Article: article from journal or magazin.
Dopamine-induced oxidative stress in neurons with glutathione deficit: implication for schizophrenia.
Glutathione (GSH) is the main non-protein antioxidant and plays a critical role in protecting cells from damage by reactive oxygen species (ROS) generated by dopamine (DA) metabolism. We reported a decrease of GSH levels ([GSH]) in CSF and in prefrontal cortex in vivo in schizophrenics [Eur. J. Neurosci. 12 (2000) 3721]. A GSH deficit may lead to membrane peroxidation and microlesions around dopaminergic terminals, resulting in loss of connectivity. To test this hypothesis, we studied the effect of DA in cultured cortical neurons with low [GSH]. DA alone decreased [GSH] by 40%. This effect appears to result from direct conjugation of DA semiquinone/quinone with GSH. Ethacrynic acid (EA) decreased [GSH] in a concentration-dependent manner. When added to EA, DA further lowers [GSH]. As this additional decrease is blocked by superoxide dismutase (SOD) or D(1)/D(2) receptor antagonists, it likely involves the generation of superoxide via activation of DA receptors. It also reduces the mitochondrial membrane potential. Most interestingly, a significant decrease in number of neuronal processes (spines analogous) was induced by 24-h application of DA only in low [GSH]. These data, compatible with our hypothesis, is consistent with the dendritic spines reduction reported in schizophrenia and could be related to abnormalities in synaptic connectivity.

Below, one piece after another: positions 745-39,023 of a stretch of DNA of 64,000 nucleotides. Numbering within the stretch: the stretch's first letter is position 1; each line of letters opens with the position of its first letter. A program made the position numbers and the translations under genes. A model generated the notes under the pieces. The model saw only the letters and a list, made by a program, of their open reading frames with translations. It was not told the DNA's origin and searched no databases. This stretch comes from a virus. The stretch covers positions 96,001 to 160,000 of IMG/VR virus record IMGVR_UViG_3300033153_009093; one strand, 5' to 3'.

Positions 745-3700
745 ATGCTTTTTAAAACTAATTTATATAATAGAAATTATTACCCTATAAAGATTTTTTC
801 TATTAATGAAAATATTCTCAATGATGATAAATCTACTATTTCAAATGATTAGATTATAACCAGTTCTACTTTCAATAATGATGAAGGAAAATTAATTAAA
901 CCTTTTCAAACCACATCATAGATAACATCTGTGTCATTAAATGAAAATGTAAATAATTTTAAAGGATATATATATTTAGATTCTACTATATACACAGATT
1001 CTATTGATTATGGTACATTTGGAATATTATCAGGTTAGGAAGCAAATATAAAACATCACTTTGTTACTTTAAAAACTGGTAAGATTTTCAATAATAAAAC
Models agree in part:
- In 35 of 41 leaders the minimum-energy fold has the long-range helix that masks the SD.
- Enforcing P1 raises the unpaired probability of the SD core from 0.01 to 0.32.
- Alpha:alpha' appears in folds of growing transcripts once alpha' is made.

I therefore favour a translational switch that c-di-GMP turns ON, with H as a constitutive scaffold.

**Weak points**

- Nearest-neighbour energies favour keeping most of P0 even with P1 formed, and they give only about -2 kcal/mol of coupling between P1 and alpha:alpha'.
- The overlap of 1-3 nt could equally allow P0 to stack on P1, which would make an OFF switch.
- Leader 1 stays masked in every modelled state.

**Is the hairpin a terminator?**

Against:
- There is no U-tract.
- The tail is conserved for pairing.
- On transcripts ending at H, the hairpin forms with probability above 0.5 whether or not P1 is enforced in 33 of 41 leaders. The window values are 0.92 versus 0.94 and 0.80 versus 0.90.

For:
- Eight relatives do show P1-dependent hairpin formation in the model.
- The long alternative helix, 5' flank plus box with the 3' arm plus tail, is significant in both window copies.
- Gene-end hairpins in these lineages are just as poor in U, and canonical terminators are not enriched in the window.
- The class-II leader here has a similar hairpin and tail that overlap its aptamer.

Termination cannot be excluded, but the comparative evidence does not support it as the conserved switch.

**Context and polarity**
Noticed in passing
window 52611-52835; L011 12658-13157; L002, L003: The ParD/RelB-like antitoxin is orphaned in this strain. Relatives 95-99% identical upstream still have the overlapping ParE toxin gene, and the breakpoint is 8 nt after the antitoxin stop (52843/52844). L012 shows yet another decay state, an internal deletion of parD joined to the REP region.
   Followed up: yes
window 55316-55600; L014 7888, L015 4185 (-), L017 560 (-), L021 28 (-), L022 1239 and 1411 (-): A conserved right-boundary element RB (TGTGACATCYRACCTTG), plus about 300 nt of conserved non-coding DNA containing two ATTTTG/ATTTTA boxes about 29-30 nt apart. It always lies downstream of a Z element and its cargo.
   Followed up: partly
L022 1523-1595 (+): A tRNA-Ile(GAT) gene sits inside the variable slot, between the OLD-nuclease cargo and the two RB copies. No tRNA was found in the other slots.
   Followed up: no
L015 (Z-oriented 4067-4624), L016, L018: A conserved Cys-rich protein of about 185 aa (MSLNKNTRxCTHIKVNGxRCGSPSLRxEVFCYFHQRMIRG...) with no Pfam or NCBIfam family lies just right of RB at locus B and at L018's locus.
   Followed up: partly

Animals, Dopamine/metabolism, Glutathione/cerebrospinal fluid, Glutathione/deficiency, Mice, Neurons/metabolism, Oxidative Stress/physiology, Receptors, Dopamine/metabolism, Schizophrenia/metabolism, Schizophrenia/physiopathology, Superoxide Dismutase/metabolism, Synaptic Transmission/physiology
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